Promising Practices

  • Promoting your partnerships: Many organizations post the results of their partnership initiatives and proudly display their accomplishments, both internally and externally. Creating awareness about the partnerships, on your internal and external websites and talking about them at gatherings, can generate support and enthusiasm for the work being done.
  • Partnering with non governmental organizations (NGO’s) as part of your employment equity plan:  Many organizations have partnered with NGOs that represent members of the four employment equity designated groups. These partnerships involve initiatives such as employment or development programs, prevention activities to reduce systemic discrimination, awareness activities, and many other initiatives.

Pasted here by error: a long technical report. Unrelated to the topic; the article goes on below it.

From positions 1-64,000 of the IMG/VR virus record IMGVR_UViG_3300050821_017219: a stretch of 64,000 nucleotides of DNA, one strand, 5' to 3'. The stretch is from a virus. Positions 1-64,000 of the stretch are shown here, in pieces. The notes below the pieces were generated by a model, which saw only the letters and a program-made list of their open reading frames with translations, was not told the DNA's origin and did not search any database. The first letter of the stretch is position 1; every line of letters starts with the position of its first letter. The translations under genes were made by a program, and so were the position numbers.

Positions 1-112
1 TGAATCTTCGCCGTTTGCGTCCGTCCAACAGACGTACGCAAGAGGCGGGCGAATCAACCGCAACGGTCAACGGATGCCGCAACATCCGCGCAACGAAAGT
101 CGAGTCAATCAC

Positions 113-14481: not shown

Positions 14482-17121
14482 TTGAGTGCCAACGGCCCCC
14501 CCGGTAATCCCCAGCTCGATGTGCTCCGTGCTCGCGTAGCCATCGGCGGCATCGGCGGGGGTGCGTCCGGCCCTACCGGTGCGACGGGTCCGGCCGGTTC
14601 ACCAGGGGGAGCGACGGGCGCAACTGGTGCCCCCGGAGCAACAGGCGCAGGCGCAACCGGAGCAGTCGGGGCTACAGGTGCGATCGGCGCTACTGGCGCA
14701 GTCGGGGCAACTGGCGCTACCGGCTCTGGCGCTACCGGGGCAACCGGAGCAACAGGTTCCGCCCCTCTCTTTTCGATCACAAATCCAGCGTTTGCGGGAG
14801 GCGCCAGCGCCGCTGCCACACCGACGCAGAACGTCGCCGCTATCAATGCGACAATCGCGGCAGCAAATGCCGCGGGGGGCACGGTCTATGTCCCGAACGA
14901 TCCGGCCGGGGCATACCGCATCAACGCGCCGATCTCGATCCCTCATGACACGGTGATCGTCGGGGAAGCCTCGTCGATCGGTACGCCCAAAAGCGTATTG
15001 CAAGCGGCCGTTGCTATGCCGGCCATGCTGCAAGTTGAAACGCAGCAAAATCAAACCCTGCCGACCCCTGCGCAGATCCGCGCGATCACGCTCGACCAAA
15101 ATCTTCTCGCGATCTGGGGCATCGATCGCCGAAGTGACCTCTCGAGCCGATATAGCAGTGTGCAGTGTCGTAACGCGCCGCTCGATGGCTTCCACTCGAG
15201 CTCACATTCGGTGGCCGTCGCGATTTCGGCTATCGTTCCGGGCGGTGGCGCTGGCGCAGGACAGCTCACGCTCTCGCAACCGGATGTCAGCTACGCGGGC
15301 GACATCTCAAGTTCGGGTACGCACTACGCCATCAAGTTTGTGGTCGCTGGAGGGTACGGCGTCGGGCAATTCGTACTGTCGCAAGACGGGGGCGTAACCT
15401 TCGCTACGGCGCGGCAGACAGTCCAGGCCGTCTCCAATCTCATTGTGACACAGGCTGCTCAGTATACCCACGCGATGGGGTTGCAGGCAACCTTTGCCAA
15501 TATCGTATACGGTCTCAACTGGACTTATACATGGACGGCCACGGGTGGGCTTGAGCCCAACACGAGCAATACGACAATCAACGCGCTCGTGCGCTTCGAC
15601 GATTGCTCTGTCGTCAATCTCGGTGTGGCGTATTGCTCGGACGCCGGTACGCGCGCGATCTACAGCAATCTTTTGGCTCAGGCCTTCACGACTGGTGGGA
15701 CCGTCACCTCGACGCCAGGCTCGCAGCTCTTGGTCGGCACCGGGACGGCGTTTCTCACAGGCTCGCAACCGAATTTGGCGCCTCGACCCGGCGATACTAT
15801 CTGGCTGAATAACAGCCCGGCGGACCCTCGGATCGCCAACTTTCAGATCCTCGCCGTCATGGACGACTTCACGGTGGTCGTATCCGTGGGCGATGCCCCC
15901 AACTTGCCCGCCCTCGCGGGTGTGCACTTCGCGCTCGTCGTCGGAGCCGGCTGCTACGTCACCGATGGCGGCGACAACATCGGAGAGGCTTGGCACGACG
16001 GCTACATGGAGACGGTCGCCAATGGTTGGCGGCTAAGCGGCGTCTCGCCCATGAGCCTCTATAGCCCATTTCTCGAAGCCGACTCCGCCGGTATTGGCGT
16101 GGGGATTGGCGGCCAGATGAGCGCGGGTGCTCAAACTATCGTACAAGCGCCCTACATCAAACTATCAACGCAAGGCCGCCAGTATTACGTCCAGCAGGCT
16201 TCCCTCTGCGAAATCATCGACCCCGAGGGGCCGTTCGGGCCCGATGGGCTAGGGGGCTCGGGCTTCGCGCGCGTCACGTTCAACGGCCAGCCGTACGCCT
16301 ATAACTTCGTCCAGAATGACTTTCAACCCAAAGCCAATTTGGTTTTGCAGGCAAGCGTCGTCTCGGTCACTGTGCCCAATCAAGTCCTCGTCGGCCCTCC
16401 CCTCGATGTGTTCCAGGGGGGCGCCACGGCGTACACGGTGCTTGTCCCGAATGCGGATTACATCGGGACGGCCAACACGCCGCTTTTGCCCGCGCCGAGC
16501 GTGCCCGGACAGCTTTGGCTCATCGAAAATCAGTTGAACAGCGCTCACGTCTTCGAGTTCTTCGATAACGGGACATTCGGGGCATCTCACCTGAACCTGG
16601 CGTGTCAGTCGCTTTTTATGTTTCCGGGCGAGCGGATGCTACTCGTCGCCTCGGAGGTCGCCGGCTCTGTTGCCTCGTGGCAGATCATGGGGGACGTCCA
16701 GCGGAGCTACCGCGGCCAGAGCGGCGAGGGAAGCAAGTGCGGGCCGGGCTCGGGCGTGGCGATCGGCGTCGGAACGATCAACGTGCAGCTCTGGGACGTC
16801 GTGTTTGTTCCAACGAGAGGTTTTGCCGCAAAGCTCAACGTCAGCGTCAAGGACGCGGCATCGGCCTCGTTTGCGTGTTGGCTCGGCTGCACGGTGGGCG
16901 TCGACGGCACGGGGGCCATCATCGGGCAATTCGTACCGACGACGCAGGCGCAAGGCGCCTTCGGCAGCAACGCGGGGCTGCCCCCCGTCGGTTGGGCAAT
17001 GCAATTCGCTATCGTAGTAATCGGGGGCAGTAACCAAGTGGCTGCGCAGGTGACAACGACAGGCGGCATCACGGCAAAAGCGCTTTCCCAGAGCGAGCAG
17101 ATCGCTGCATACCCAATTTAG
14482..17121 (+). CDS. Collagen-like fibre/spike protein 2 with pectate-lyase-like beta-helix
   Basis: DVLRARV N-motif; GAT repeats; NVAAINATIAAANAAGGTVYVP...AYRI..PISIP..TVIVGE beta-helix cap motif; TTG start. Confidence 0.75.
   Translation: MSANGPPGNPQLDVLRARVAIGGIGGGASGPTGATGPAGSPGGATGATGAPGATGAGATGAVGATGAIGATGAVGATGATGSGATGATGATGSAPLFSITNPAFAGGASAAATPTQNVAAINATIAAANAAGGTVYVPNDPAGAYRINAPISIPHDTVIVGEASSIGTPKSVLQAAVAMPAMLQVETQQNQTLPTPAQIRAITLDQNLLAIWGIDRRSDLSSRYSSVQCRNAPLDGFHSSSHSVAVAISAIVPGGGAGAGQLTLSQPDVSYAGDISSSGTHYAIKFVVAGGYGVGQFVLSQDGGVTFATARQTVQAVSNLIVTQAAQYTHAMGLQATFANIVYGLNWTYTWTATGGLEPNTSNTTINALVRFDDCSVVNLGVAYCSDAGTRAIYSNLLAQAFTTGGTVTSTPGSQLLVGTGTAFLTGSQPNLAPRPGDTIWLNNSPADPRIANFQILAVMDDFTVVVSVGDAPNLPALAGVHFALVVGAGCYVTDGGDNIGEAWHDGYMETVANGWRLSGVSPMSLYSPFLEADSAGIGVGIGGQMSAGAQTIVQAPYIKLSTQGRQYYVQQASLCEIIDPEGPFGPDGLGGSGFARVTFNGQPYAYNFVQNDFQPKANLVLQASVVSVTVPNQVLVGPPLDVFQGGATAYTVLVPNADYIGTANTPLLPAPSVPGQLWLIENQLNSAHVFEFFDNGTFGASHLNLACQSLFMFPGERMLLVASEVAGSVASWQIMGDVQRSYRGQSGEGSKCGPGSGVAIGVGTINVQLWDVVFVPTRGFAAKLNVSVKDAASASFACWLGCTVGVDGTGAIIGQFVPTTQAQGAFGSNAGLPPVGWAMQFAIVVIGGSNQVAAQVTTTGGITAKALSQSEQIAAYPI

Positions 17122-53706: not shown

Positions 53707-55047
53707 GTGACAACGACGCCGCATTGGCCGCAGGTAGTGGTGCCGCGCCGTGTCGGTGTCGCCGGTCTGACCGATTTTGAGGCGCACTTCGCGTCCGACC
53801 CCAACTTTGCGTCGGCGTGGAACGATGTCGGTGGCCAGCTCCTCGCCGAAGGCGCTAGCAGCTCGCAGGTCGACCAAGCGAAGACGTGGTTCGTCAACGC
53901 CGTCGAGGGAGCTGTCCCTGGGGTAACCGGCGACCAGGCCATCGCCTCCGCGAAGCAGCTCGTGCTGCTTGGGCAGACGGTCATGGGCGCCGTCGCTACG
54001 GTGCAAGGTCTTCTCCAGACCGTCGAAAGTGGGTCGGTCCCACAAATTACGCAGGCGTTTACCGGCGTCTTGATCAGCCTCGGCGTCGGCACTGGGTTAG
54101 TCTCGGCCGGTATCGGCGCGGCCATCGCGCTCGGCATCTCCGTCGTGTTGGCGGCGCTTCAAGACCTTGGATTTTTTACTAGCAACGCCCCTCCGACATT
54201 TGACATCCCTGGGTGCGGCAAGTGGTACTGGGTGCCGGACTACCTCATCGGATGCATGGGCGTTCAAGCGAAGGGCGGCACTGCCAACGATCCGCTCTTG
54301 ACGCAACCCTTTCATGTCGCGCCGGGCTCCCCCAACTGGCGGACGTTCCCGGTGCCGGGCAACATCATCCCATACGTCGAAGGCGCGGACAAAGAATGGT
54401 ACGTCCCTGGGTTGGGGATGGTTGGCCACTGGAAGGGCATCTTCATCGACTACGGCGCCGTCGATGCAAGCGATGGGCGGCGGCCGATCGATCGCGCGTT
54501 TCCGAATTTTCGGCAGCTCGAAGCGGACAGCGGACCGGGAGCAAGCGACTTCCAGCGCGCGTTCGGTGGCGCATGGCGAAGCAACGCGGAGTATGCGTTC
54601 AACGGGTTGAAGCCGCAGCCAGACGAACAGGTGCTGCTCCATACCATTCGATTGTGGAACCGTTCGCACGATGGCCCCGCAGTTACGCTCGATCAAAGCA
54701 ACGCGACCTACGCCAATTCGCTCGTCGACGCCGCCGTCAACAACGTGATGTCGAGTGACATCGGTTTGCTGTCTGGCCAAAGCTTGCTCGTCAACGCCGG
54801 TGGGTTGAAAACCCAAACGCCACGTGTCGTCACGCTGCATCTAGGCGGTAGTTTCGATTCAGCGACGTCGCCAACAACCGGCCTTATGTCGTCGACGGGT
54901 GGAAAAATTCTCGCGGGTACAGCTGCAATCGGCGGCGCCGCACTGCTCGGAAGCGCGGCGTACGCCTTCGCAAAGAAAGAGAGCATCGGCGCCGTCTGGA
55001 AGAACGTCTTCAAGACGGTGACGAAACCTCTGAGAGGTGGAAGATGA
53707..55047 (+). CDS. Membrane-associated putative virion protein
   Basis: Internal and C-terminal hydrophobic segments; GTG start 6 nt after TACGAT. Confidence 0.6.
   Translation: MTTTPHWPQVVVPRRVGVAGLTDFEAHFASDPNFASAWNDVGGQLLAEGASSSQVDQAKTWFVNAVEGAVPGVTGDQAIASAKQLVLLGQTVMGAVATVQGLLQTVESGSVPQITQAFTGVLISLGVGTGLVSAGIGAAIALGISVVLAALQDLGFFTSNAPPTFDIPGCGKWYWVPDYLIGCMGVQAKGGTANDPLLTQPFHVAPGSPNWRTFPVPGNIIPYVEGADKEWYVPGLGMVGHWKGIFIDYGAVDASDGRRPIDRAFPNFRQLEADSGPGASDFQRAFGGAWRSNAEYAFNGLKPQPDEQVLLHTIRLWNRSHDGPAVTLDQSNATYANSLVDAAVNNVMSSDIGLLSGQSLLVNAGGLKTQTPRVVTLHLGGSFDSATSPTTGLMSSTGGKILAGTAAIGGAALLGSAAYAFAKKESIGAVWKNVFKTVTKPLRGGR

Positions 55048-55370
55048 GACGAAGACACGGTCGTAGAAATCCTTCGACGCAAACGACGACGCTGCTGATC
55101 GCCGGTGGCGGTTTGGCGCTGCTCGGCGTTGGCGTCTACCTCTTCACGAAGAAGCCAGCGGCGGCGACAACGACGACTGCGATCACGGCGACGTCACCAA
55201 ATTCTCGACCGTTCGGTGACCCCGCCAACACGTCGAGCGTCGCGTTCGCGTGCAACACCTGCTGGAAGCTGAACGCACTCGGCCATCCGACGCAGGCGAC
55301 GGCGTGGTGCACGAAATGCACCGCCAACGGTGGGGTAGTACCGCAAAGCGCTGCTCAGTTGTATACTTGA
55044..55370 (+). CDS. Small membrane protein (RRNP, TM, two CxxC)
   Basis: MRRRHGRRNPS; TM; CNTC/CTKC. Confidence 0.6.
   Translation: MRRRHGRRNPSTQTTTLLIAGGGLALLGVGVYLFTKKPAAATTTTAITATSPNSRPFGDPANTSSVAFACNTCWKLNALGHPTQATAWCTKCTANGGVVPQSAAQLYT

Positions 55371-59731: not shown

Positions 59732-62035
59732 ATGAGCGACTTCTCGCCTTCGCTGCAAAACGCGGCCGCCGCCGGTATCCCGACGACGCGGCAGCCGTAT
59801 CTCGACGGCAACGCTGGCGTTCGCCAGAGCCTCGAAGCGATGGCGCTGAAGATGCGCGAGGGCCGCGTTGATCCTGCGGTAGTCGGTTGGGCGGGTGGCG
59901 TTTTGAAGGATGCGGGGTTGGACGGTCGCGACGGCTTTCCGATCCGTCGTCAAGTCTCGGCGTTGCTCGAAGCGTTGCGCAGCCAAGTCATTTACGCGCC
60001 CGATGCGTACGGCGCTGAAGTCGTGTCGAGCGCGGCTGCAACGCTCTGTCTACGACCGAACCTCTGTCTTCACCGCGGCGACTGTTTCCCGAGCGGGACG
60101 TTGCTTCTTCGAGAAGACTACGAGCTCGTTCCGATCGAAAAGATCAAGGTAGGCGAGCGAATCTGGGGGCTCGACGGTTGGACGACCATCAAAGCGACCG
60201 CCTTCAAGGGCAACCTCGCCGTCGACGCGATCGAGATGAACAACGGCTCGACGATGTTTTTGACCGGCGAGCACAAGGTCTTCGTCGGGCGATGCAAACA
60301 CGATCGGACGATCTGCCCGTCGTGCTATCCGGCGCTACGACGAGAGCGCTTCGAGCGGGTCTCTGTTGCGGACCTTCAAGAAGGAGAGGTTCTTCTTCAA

Useful Tools and Links

CAMO, for person with disabilities (In French only)

Overview, Preventing Discrimination - Canadian Human Rights Commission

Indigenous Peoples Partnership Program - Canadian International Development Agency

Interdepartmental Forum on Employment Equity – Treasury Board of Canada Secretariat

The Partnership Handbook  - Flo Frank and Anne Smith

Ready for Business: Canada’s Aboriginal and Non-Aboriginal Businesses as Equal Partners – Canadian Chamber of Commerce

The United Nations Global Compact

References

Frank, Flo. & Smith, Anne. (for Human Resources and Skills Development Canada). The Partnership Handbook. Public Works and Government Services Canada, 2000.

Dent, Stephen M. Partnering Intelligence: Creating Value for Your Business by Building Strong Alliances. Palo Alto, California: Davies-Black Publishing, 1999